Caught on camera: Auckland drivers using phones to text and call ahead of fine hike

Caught on camera: Auckland drivers using phones to text and call ahead of fine hike

Stuff has captured numerous drivers using cellphones while driving in Ponsonby, Auckland, as the Government hikes fines for using phones at the wheel.

Drivers have been captured on camera boldly using their phones while driving, to video call, text and make calls.

The footage, taken in Auckland, comes as the Government increased the cost of a fine for using a cellphone while driving from $80 to $150.

Over the course of a week, ahead of the fine increase, a Stuff visual journalist captured numerous people using their phones while driving, including a woman who appeared to be on a video call while passing through an intersection, a man speaking on the phone and numerous people texting or looking at their phone.

Last year, police issued more than 40,000 infringement notices for the offence.

READ MORE: * Higher fines for cellphone use 'no silver bullet' to curb distracted driving - AA * Thousands of Kiwis still use phones while driving - do we need bigger fines? * Texting and driving NZ law lenient as France bans phones even when pulled over * One in three Kiwis think it's fine to use their phone while driving

A driver for Dingo Groundworx NZ was captured using their phone while driving a truck along Williamson Ave, in Ponsonby.

Owner Cameron Hadley told Stuffall employees were very aware they should not be using their phones while driving.

He said he would be raising the issue in a staff meeting.

AA road safety spokesman Dylan Thomsen told Stuffhe wasn’t surprised to hear about the woman video calling while driving.

While AA supports the Government’s fine increase, Thomsen said it wasn’t going to solve the problem.

“People just can’t resist the temptation if they hear their phone go off ... it’s not something you do by accident.”

“A lot of people use their phone behind the wheel and don’t do other risky things.”

He hopes as there are further advancements in technology, phone companies can have default “do not disturb” modes that activate as soon as drivers start moving in their car.

“Until we change the mindset it will be hard with enforcement alone, people don’t appreciate the risks until it’s too late,” Thomsen said.

Caroline Perry, the New Zealand director for road charity Brake, said it was inexcusable that so many people were still putting their life, and the lives of others, at risk.

She agreed with Thomsen and hopes the increase will deter drivers, but says the penalty is still “extremely low” compared to other countries.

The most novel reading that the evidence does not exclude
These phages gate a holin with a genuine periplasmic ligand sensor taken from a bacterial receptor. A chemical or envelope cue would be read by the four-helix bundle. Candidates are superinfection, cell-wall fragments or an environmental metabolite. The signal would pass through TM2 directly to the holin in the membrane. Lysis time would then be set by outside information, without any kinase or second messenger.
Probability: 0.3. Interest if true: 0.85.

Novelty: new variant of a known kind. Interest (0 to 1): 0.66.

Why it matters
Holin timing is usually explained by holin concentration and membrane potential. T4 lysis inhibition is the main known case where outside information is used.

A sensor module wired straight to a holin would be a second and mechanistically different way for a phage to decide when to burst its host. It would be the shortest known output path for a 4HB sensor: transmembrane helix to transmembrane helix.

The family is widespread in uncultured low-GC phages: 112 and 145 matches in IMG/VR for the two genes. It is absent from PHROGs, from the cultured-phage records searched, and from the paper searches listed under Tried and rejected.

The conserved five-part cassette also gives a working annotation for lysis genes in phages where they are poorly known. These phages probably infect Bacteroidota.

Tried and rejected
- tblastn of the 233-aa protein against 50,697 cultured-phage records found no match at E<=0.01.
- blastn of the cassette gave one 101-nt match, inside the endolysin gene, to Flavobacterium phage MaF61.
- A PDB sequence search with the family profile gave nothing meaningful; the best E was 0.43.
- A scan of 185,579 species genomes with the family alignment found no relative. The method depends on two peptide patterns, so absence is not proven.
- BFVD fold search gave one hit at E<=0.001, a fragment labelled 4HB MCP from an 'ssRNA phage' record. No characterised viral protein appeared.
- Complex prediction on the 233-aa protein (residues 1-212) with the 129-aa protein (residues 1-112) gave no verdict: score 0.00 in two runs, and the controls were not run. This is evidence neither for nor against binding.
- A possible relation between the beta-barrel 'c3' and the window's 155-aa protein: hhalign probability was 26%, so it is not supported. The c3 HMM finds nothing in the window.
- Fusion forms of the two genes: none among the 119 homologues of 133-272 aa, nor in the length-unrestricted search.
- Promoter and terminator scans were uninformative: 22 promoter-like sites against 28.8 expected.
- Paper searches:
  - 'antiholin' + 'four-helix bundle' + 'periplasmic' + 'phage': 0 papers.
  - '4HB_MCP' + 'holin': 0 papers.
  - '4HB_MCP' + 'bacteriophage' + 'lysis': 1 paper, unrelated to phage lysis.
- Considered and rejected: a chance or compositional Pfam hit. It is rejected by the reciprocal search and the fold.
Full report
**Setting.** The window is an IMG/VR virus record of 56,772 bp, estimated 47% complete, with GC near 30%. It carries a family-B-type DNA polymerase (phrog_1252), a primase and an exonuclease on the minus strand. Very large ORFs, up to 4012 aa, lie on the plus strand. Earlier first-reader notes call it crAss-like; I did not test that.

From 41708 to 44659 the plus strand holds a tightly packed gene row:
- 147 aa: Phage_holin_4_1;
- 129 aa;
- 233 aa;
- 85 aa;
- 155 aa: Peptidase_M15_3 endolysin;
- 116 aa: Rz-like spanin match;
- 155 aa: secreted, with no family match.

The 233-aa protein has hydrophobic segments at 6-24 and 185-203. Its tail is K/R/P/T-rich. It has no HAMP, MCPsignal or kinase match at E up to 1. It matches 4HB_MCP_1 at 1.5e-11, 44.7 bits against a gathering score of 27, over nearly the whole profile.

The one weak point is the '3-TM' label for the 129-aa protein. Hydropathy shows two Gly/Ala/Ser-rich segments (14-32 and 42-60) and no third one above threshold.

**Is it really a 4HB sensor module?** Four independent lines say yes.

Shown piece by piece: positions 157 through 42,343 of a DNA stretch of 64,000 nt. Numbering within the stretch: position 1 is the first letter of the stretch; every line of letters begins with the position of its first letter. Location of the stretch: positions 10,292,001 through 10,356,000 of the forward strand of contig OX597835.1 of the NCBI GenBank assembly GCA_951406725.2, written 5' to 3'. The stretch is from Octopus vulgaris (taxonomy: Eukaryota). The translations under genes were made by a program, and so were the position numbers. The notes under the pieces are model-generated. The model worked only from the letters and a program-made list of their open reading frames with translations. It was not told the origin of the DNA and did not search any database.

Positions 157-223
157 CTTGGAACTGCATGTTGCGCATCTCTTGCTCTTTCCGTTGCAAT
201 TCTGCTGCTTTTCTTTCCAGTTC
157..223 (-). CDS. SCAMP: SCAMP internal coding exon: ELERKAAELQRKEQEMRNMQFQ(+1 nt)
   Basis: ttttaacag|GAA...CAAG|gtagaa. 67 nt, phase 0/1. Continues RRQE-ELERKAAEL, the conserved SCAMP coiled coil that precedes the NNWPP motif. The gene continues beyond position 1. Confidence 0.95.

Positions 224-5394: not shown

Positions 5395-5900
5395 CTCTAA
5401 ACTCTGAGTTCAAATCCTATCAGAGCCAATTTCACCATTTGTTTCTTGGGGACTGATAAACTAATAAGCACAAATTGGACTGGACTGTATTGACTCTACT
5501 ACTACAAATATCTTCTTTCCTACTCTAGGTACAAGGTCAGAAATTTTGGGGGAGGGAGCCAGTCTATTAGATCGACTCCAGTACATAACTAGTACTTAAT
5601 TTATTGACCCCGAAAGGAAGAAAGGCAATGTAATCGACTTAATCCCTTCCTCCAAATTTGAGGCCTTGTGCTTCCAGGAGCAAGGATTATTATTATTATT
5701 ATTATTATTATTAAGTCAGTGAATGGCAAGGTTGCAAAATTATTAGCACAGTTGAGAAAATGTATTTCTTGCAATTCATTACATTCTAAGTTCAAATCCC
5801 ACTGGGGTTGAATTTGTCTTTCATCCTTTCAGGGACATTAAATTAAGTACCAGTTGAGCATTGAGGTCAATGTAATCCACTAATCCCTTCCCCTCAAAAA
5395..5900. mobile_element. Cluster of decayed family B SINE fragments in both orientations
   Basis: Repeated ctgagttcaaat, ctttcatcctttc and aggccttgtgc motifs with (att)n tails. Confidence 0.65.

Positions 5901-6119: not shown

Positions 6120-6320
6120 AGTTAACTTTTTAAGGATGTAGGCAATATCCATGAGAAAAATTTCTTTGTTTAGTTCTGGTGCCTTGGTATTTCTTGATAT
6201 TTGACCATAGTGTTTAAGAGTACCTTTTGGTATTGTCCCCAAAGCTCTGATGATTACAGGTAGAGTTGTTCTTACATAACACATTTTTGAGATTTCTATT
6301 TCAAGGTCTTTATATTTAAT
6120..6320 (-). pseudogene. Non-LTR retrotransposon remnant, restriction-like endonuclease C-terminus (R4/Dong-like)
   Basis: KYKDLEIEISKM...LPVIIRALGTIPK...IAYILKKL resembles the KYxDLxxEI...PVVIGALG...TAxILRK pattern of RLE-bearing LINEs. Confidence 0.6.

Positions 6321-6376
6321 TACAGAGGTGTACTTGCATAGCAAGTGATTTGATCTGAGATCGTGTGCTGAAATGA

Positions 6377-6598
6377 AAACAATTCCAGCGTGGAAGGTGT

Some states across the ditch have an instant $1000 (AUD) for texting while driving, while in the United Kingdom it’s a £200 ($385 NZD) fine and the driver will lose their licence if they passed their test in the past two years.

Perry said there was a “huge amount” of evidence about the risks involved while using a phone at the wheel.

“You’re dividing your brain between tasks, which means you won’t be fully concentrating on the road.

“You’re less likely to spot hazards and will be slower to react if something unexpected happens.”

Transport Minister Michael Wood previously said the fine increase would encourage safer driving with too many people still using their phones behind the wheel.

“Driver distraction is a serious road safety issue, and inattention – including from mobile phones – can have tragic consequences,” Wood said in a statement.

“Increasing the infringement fee to $150 means it will now match similar offences. This is our way of saying Kiwis need to take this seriously and put away the phone while driving.”

It's been illegal for drivers to use a hand-held mobile phone to make, receive or terminate a call, since 2004.

It is also illegal to create, send or read a text message, email or video message, or use a hand-held phone in any other way while driving.

This includes using a phone when the car is stationary during the “normal starting and stopping of vehicles in a flow of traffic”.

The only exception aslaid out in the lawis if the phone is “secured in a mounting fixed to the vehicle” and the driver only looks at or uses it “infrequently and briefly”.